What's the Betting that the likes of a Rostec* and Partnering Affiliates, to name but One Mega Virtual Player/State Actor, with DARPA and IARPA being another possible two, are Primarily Engaged and Enthusiastically Exploring the Greater IntelAIgent Game Plays now easily made readily available for Unassailable Leads in the Field and IT and Money Markets.

    * http://rostec.ru/en/innovations/#policy

    1. Trollslayer Silver badge

      Re: A SMARTR AIMovement ..... with the Off Loading of Sensitive News Stock Items ...

      Don't know about Mars but you're definitely from another planet.

      1. Martin Summers Silver badge

        Re: A SMARTR AIMovement ..... with the Off Loading of Sensitive News Stock Items ...

        Aww, leave him alone he obviously just needs some adjustment. It has been a while since he posted anything coherent though. I also take it you're new here.

        1. Voland's right hand Silver badge

          Re: A SMARTR AIMovement ..... with the Off Loading of Sensitive News Stock Items ...

          Aww, leave him alone he obviously just needs some adjustment. It has been a while since he posted anything coherent though`

          Less than a week. His post referring to the spat between OPCW and Lavrov regarding the Buzz contamination of the samples was the first one on the Reg and was shockingly coherent. Especially for amanfromMars 1.

          That is something which our media has mostly "prevented us from seeing just in case so we are not disturbed". While it proves nothing new (for either side) it makes the overall picture which was as murky as mud to start off with even more so.

      2. Waseem Alkurdi Silver badge

        Re: A SMARTR AIMovement ..... with the Off Loading of Sensitive News Stock Items ...

        With all those random caps and unintelligible post overall, forget aliens, that's crude AI (I stand to be corrected).

        1. Sorry that handle is already taken. Silver badge

          Re: A SMARTR AIMovement ..... with the Off Loading of Sensitive News Stock Items ...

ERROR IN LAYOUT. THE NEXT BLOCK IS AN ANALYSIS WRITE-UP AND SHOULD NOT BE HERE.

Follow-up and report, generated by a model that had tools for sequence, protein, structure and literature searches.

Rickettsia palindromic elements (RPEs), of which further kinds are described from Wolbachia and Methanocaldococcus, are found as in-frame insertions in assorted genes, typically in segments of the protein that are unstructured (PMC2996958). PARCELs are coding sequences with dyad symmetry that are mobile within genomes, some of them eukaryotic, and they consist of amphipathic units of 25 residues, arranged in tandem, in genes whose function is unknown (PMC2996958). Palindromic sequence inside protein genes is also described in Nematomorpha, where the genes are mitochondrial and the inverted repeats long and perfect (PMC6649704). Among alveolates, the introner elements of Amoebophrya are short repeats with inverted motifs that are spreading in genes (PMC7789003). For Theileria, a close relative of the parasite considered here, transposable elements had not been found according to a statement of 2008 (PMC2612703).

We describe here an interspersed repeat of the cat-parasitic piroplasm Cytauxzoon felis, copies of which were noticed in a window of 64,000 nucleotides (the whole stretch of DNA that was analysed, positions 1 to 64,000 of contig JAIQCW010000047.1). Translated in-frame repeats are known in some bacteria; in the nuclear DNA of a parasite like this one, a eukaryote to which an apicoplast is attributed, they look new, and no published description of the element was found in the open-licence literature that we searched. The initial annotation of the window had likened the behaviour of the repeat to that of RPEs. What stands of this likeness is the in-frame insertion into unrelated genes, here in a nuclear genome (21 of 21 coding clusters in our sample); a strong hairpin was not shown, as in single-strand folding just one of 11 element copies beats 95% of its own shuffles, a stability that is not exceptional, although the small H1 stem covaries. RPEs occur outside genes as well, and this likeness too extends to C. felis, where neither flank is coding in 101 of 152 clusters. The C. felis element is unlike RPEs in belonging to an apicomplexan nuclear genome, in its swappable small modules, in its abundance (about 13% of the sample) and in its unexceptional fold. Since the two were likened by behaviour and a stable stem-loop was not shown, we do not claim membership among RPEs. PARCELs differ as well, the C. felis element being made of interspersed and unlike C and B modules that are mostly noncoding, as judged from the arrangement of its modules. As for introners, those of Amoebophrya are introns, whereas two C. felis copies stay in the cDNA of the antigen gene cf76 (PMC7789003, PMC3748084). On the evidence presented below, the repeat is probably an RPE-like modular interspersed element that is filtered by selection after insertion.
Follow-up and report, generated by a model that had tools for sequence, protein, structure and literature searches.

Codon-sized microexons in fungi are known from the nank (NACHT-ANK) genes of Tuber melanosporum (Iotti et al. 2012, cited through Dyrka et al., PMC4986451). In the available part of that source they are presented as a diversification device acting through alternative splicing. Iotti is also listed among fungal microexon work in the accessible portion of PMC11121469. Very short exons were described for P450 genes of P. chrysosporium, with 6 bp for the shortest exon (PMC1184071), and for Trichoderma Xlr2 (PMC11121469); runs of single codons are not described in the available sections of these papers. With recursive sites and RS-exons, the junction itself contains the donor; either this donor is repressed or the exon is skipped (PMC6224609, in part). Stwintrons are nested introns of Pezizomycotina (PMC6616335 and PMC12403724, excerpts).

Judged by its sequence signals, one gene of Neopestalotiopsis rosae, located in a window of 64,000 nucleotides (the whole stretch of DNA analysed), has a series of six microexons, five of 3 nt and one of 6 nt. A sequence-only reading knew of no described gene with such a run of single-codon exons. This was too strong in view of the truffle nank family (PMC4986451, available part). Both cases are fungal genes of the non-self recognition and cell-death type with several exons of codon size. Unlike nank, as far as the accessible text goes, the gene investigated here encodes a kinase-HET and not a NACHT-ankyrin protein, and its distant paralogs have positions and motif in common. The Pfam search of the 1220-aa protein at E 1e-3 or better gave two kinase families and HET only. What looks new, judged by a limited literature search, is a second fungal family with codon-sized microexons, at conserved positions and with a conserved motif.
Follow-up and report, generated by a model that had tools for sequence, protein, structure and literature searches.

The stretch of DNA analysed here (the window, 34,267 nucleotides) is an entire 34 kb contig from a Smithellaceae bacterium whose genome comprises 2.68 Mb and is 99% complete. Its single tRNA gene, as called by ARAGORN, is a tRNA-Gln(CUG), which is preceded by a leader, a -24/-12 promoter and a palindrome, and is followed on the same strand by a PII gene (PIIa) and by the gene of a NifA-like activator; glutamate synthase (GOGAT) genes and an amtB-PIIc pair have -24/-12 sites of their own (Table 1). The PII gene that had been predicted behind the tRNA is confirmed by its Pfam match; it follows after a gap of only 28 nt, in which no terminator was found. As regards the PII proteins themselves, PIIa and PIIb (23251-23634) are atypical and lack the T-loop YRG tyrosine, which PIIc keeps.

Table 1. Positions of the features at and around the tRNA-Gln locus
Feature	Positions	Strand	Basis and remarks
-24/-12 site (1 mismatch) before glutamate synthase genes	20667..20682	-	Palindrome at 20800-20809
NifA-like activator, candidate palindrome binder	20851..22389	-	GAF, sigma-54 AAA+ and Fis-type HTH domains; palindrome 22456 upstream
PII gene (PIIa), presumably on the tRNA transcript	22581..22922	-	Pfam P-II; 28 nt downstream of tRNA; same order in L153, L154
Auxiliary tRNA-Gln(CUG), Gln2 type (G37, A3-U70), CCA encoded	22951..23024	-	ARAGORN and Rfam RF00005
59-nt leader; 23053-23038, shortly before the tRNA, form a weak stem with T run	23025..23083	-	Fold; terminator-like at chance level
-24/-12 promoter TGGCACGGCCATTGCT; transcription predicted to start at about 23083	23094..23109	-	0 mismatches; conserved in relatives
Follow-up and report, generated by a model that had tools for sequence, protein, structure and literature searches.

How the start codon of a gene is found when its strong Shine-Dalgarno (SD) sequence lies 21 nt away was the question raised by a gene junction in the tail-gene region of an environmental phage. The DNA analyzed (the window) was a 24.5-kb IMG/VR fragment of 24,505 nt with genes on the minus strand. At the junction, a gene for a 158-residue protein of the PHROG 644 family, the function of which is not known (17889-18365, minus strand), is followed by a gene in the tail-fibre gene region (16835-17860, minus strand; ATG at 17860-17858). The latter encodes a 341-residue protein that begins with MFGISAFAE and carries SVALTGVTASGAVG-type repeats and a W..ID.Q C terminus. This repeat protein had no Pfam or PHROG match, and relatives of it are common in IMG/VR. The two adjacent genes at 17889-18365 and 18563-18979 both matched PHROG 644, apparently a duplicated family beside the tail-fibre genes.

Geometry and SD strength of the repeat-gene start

With all those random caps and unintelligible post overall, forget aliens, that's crude AI (I stand to be corrected).

          amanfromMars is a long-running (>10 years) "semantic web" AI experiment.

          1. amanfromMars 1 Silver badge

            Re: A SMARTR AIMovement ..... with the Off Loading of Sensitive News Stock Items ...

            amanfromMars is a long-running (>10 years) "semantic web" AI experiment. ... Sorry that handle is already taken.

            Which has Morphed/Evolved/Developed/Grown into Stealthy SMARTR Programming with Live Operational Virtual Environment Applications in Advanced IntelAIgent Fields/Exploratory Missionary CyberSpace AIdVentures, Sorry that handle is already taken?

            Would that be a Virulent and Vital rather than Venal and Venereal AIFork for the Future of Humanity to Ponder and Wonder at, and either Enjoy and/or be Terrified of, as IT and Media Hosting Channels are Guided to Wander through Deep and Dark Paths Bathed in the Light of an EMPowering COSMIC Understanding?

            1. Sorry that handle is already taken. Silver badge

              Re: A SMARTR AIMovement ..... with the Off Loading of Sensitive News Stock Items ...

              So stealthy!

            2. Anonymous Coward
              Anonymous Coward

              Re: A SMARTR AIMovement ..... with the Off Loading of Sensitive News Stock Items ...

              Best reading. Ten years, post by post.

  8. Anonymous Coward
    Anonymous Coward

    Boring launches where nothing explodes...

    you only have to wait...

    I am sure stats will demonstrate one will turn into a flaming mushroom 1 in every 30 or so launches (at a guess)

    I am not sure we have reached the point where sitting something small on top of a really large controlled explosive is considered "safe".

    1. ravenviz

      Re: Boring launches where nothing explodes...

      I suppose at some point no form of travel is completely safe, it just comes down to statistics, or 'x' time since that <incident> last happened. It should be seen to stabilize at some point, no doubt with newsworthy punctuation.

  9. andyo

    2 billion in today's market

    I can readily appreciate the point that it's not worth the Russian state trying to compete over a 2 billion launch market. And it makes perfect sense for Musk/SpaceX to do so. But this misses 2 fundamental issues...

    i) SpaceX is only hoovering up the private launch market because it has ridiculously low prices. It wants the business to fund the greater goal of making humans a multiplanetary species. Many may scoff at this lofty ambition, but it's one that Russia ceded 40 years ago and one that NASA has squandered over the same time period. Musk/SpaceX WILL make it happen. NASA might go and plant a flag for some pointlessly expensive (political most likely) reason.